Thursday, November 4, 2010

Don't Hold a Grudge -- Hold an Understanding

How often have you been surprised by a friend who takes advantage of you or treats you with disrespect? It happens all the time, and often you forgive and move forward trusting it was just an isolated incident. You let it go, and sure enough, it happens again. 

You expect that friends are going to deal with you justly -- that is, give you what you deserve. Is it unreasonable to have this expectation in relationships?

What should you do when someone treats you poorly, manipulates you or is disrespectful?

Relationship author Laraine Bennett offers this:
As John Paul II wrote in Love and Responsibility, “Anyone who treats a person as the means to an end does violence to the very essence of the other” (Wojtyla 27).  A true friend never uses someone for selfish reasons. Furthermore, a true friend will seek what is best for his friend. (click to read more)

 A true friend shouldn't treat you poorly or use your friendship in a selfish way. But when it happens, how should you manage the frustration that can cause resentment? As a Christian, do you simply forgive and forget? After all, Jesus says:
Therefore, if you bring your gift to the altar, and there recall that your brother has anything against you,leave your gift there at the altar, go first and be reconciled with your brother, and then come and offer your gift. Settle with your opponent quickly while on the way to court with him. Otherwise your opponent will hand you over to the judge, and the judge will hand you over to the guard, and you will be thrown into prison. (Mt 5:23-25)

This particular passage of Scripture certainly speaks clearly to the need to forgive. Forgiveness is a human action made toward others, it is not always returned.  Grudges happen when a person fails to forgive and harbors bad feelings. It is not a healthy way to handle relationships; it is not a healthy way to live life. Holding a grudge is never the way to proceed.

Then, what is the proper recourse?  St Paul says this:
For God did not give us a spirit of cowardice but rather of power and love and self-control. (2 Tim 1:7)
You must start by looking inside yourself.  Power, love and self-control are all necessary components to self-understanding which helps you to forgive.  You have the power to decide not to be treated poorly -- sometimes grudges take hold when you believe that is the only power you possess. You are also called to more than self-pity -- Poor me, I was treated badly. -- or  self-righteousness --Who do they think they are to treat me that way?  You are called to love and self-control; with these as your guide, you can walk the rational line between those extreme feelings. It is never wise to respond in the heat of the moment or when the hurt is at it peak. This is the time for prayer, reflection and searching inwardly for your own "plank" before you address the "splinter" in your neighbor. Remember, relationships need two people; there is often responsibility for the animosity on both sides.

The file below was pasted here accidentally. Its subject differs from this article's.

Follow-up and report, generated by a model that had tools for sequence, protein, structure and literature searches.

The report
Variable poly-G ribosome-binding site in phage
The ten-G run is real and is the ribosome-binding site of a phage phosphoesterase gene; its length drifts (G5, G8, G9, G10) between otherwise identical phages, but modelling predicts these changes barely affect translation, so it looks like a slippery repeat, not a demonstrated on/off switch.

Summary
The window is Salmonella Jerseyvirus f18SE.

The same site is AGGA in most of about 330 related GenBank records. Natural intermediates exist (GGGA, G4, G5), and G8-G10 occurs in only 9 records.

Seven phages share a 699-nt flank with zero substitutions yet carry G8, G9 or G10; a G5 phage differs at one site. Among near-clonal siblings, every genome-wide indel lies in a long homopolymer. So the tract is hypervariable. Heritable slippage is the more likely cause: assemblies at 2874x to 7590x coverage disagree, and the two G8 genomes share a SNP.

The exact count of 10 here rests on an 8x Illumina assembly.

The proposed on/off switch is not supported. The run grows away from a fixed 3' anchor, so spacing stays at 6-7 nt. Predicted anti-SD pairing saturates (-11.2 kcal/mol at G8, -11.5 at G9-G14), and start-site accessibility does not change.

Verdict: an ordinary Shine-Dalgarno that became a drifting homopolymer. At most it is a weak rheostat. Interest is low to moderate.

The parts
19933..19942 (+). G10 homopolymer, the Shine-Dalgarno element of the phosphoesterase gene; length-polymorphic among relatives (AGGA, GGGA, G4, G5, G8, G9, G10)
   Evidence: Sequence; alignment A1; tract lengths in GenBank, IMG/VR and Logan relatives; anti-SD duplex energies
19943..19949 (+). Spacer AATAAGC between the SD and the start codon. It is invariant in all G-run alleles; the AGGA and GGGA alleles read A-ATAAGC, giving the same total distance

Once you are able to forgive, do you allow yourself to fall into the same relationship patterns as before?

It is important not to forget, but rather to learn from what you've experienced. It would be fool hardy to simply "forgive and forget" opening yourself up to continued mistreatment.

When a conflict occurs, recognize that you have been given the gift of knowledge and information. You should assess the personalities involved -- your own and your neighbor's. Relationships are not stagnant -- they grow and change. They are also wellsprings of insight about the human condition. When you realize that someone has a tendency to treat people badly, you can avoid those situations or even prevent them by watching for the signs. You don't have to step all the way out of a friendship or relationship, you just have to be savvy enough to know who you are dealing with and adjust your expectations accordingly. Of course, if a relationship is harmful to body or soul, it is wise to exit.

If Christ calls all of us to "love our neighbor as ourselves", we had better get a realistic understanding of who we are and who our neighbor is. Holding grudges and being judgmental of others is not healthy, it can lead to isolation and loneliness. So, let go of the grudge and take hold of your ability to reason with compassion and understanding. It's time to go make and maintain healthy relationships established in the Lord.



Allison said...

Great post, Kathy. Sometimes those planks really affect my vision. I hope I can realize that each day is an opportunity to improve.

Cherie said...


I can relate all to well to your post. Thank you for the biblical references, although they do sound a bit harsh on the one being "hurt". I do see the point, we have to be a good Christian in these situations.

My biggest struggle is to let go of that grudge and forgive. I have a question, do you think in some relationships the one who we are trying to forgive often has no idea what they have done? What should we do in that situation?

Keep on writing;) Cherie

Kathy said...


It's always harder to be the "bigger person" in a situation where you've been hurt -- to check your own behavior and not lash out. And, yes, I do believe sometimes others are oblivious to what they have done. Perhaps the right thing to do, if the moment presents itself, is to say, "You know, that really hurt me." But, I wouldn't necessarily seek the person out to rehash old events. Until such a time presents itself, just realize that about the other person and don't put yourself in the position to be hurt again. You can still forgive, love and remember assert the power to protect yourself.

God bless.